Image-1Her relaxed fun-loving mood quickly switched off. I could visibly see the anxiety overtaking her body. Was this going to be another loved activity forfeited to anxiety?

This Wednesday started like every other Wednesday. Caroline woke up and started using her sign for horseback riding. She looks forward to therapeutic horseback riding all week – it is one of her favorite activities.

When we arrived at the barn Caroline was full of energy and excitement. She ran over to the viewing area to see if the horses had been saddled up yet. When she discovered they had not she went and rode the barrel horse for a moment. Then she remembered about the barn cat – she signed for cat – and began to look for him. In every way, this week had been like every other.

But then something happened causing me to realize how to delicately Caroline’s world must be balanced so it does not swing off its axis.

A new volunteer approached me and told me she would be sidewalking with Caroline that day. I did not think much of it. Caroline has been horseback riding once a week for almost a year and while she has had the same sidewalker most of the time, she has worked with other people with no issue – but not this day.

Caroline started unraveling as the new person helped her put on her helmet and then with each step she took toward her horse, I could see the anxiety wash over her body. By the time Caroline mounted her horse she was crying uncontrollably and signing “mommy” and “all done”.

I was at a loss.

I ran to the car to retrieve Caroline’s beloved stuffed eel – hoping that maybe he would provide some comfort during her session. Eel eased Caroline’s anxiety for less than a minute. After 10 minutes of intense efforts by staff and volunteers we decided that Caroline was just too upset to finish her lesson.

After Caroline dismounted her horse, staff took her back to the stables to let her meet one of the mini horses. Caroline declined and continued to sign “all done”.

The following week when Caroline arrived home from school she immediately communicated to us that she did not want to go to horseback riding. When I tried to put on her jeans she threw them on the floor. I knew (sensed, really) if Caroline did not go to horseback riding this week it would amplify her anxiety. So we packed up the car and headed to horseback riding. Caroline cried the entire way there – as a point of reference Caroline normally cries when I make stop on the way to horseback riding.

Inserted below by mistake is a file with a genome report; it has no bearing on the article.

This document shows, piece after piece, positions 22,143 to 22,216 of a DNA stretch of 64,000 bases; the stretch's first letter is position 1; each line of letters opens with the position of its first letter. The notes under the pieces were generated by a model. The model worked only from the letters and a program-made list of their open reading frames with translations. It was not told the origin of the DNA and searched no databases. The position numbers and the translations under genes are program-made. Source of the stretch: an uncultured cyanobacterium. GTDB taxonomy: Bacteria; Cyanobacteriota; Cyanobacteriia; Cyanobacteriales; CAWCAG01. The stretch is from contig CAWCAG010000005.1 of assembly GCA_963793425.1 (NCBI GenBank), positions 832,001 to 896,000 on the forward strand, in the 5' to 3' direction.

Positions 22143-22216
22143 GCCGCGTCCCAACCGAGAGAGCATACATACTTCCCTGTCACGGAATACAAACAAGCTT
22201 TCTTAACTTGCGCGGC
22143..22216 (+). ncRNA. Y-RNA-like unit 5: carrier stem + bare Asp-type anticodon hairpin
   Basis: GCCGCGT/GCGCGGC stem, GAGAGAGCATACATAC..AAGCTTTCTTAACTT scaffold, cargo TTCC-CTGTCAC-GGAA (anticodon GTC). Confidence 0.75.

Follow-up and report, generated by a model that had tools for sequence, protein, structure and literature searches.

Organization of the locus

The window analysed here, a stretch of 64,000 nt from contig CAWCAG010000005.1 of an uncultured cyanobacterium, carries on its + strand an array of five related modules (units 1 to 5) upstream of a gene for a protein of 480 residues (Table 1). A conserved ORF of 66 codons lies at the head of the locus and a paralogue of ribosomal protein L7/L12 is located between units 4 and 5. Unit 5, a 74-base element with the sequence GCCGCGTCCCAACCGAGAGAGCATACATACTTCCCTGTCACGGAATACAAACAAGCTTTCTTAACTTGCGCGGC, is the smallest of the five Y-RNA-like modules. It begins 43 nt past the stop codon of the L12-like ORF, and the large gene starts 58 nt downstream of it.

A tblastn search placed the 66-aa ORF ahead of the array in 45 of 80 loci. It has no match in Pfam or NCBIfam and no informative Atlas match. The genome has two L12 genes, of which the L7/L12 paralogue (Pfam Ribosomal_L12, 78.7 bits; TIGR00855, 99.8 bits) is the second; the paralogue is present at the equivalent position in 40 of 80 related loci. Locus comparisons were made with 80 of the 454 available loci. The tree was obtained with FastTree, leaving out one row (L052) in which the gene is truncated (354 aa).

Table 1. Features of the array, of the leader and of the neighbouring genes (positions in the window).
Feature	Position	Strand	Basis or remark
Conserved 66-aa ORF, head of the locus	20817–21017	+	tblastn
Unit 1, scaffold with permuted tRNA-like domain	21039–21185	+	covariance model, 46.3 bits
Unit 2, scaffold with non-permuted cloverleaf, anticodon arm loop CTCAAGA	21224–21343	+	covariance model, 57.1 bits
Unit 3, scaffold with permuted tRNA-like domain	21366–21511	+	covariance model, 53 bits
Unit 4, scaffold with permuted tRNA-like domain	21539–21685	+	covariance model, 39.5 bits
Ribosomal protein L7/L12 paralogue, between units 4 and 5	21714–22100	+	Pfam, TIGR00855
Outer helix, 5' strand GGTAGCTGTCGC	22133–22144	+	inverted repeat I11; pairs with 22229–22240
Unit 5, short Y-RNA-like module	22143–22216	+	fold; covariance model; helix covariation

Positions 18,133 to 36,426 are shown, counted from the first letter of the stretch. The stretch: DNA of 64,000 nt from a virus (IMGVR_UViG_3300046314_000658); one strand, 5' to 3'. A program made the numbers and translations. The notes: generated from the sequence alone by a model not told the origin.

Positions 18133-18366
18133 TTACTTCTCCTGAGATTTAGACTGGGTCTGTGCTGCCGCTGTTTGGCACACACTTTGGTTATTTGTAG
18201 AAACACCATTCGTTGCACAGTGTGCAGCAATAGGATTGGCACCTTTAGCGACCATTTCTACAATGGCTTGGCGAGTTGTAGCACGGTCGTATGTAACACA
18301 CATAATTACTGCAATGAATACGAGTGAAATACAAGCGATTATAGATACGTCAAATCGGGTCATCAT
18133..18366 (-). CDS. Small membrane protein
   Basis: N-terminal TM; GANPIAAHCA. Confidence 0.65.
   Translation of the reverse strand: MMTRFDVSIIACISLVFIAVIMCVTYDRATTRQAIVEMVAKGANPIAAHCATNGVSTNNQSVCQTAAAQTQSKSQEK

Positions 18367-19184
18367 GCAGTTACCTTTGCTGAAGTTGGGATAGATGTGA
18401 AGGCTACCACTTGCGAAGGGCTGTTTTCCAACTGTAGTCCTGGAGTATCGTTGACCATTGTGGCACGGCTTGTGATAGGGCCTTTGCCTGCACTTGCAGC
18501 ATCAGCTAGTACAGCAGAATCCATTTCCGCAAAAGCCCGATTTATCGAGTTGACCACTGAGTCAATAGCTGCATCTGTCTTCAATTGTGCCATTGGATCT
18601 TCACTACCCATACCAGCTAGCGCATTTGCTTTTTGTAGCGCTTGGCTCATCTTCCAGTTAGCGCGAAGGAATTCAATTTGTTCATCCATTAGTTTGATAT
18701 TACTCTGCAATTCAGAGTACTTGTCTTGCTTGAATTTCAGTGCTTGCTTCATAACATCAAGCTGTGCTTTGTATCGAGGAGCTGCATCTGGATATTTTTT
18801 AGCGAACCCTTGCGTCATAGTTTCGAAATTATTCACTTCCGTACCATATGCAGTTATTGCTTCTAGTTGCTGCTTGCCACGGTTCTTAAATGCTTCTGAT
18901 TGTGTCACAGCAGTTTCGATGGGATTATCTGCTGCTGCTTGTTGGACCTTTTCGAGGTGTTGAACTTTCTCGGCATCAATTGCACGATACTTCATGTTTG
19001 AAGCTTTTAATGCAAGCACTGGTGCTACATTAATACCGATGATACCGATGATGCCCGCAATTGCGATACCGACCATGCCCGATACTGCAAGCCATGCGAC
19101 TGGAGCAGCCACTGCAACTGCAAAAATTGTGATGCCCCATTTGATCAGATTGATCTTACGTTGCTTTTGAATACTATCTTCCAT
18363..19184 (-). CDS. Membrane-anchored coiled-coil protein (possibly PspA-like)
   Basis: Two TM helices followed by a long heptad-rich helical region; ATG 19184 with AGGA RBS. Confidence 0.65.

Caroline cried as she walked into the stable, signed “mommy” and “all done”. She screamed as her helmet was placed on her head. Her tensions eased a bit when we told her she could take her stuffed Peppa Pig with her. After Caroline mounted her horse, she cried and protested for a bit but within in a couple of minutes she was enjoying herself again – thanks to the amazing efforts by staff and volunteers to help Caroline relax. By the second half of the lesson when the class goes on a trial ride, Caroline was demonstrating skills she hadn’t demonstrated before.

The next Wednesday, Caroline sobbed as she mounted her horse but calmed down relatively quickly although she never completely relaxed.

One small change threw Caroline’s world into total and complete havoc. For the most part Caroline deals with transition well. We generally try to warn her either verbally or with a social story when a change is coming but even when we haven’t been able to in the past Caroline’s easy going spirit has helped her deal with change and transition. But the trauma of having a new sidewalker has caused a formerly cherished activity to become overwhelming and emotional for going on 4 weeks now. As with every event like this, I am left wondering will this level of anxiety and difficulty with transition become our new normal?